- What we treat
- What we offer
- Who needs help
Jump to a section
Speak with our admission teamCall now on 0330 111 2015
At the point where you, or someone you know, has become physically dependent on alcohol, a clinical alcohol detox is the safest and most comfortable way to withdraw from alcohol and break the cycle of active alcoholism.
An alcohol detox is a relatively straightforward and painless process, albeit one that needs to be carried out in a suitable environment in order that withdrawal symptoms can be safely managed.
At Delamere our team comprises doctors, nurses, therapists and support workers as well as experts by experience, who themselves have recovered from alcohol addiction. This 24 hour resource, coupled with the fact that we operate out of a purpose built facility means we are able to offer alcohol detox programmes that are not only safer but also more comfortable than many offered by UK providers.
Most people who stay at Delamere because alcohol has become an issue need an alcohol detox, and we recommend that the cleansing process takes place before rehabilitation, to remove the problem area prior to subsequent treatment.
Naturally, you’ll want to understand what’s happening and what the best way forward looks like. Delamere can help. We offer residential treatment programmes specifically aimed at helping participants overcome both the physical and psychological aspects of alcohol withdrawal and associated problems. Everything we do here is focused on achieving positive outcomes and ensuring that participants are able to overcome and grow beyond addiction.
Attempting to detox at home, alone and without proper medical supervision, is almost as dangerous as excessive drinking and can put your wellbeing seriously at risk. Withdrawal symptoms, which can kick in 6 to 12 hours of taking your last drink, can include sweating, shaking, vomiting, palpitations, convulsions, fever and even hallucinations. In extreme cases, suddenly stopping drinking and going ‘cold turkey’ can cause life-threatening complications. The safe option is to have a professional medical team oversee your detox programme. No matter how serious the alcohol addiction, Delamere’s dedicated team can help bring about recovery.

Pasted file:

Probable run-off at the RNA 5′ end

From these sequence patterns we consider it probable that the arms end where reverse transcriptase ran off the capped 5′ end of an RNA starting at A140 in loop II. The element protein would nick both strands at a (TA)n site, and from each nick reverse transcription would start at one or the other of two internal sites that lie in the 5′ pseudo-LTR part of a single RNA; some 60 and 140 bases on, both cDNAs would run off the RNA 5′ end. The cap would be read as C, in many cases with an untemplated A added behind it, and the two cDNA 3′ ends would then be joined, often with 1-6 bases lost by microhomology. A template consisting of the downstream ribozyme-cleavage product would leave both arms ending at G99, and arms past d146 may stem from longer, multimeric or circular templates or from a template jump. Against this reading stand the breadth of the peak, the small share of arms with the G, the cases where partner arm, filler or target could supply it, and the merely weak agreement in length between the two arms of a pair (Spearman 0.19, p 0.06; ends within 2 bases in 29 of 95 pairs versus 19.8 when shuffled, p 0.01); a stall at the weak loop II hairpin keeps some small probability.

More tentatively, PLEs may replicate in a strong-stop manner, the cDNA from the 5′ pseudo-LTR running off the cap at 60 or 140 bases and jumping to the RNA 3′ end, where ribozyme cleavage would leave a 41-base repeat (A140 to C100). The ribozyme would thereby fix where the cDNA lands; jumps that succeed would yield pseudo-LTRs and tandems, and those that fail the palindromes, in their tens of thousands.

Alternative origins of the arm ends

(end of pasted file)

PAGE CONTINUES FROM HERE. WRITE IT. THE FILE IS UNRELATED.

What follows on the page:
If you’ve been reading about Delamere in our introductory section, you’ll know that we take a holistic approach to treatment, looking further than the immediate symptoms to examine the whole of the problem – its causes and reasons for its perpetuation. It’s an in-depth, all round approach that bringing about gratifying results, not solely for the person being treated but also all those affected by the problem such as loved ones and friends.
Our approach to alcohol detox is a caring one which recognises the courage it takes to admit the problem in the first place before turning to professional help. The journey to a successful detox cleanse is not an easy one – indeed, many people go through a grieving phase as they say goodbye to alcohol and begin to free themselves from what has become a sort of anaesthetic to life’s pains. Our tailored programmes help participants to settle in and recover at their own pace on the road to profound change, always with the support of our trained and sympathetic professionals.
Our experienced professionals – some of whom have themselves recovered from alcohol addiction – can soon spot symptoms such as those mentioned above. The next stage is to assess the severity of the symptoms. This is a 10-symptom scale which looks at everything from sweating, tremors and anxiety to headaches and visual disturbances.
Delirium Tremens can affect people who have suffered from alcoholism over a prolonged period. Often known as the DTs it can be brought on by the sudden cessation of alcohol intake, causing a reduction in the amount of chloride the brain produces, which in turn can lead to a display of common DT symptoms such as those shown below:
It’s not only those who are dependent on alcohol who…
When drinking has become problematic, obsessive, compulsive or deeply entrenched,…
Recovery from addiction is possible. However hopeless, entrenched or extreme…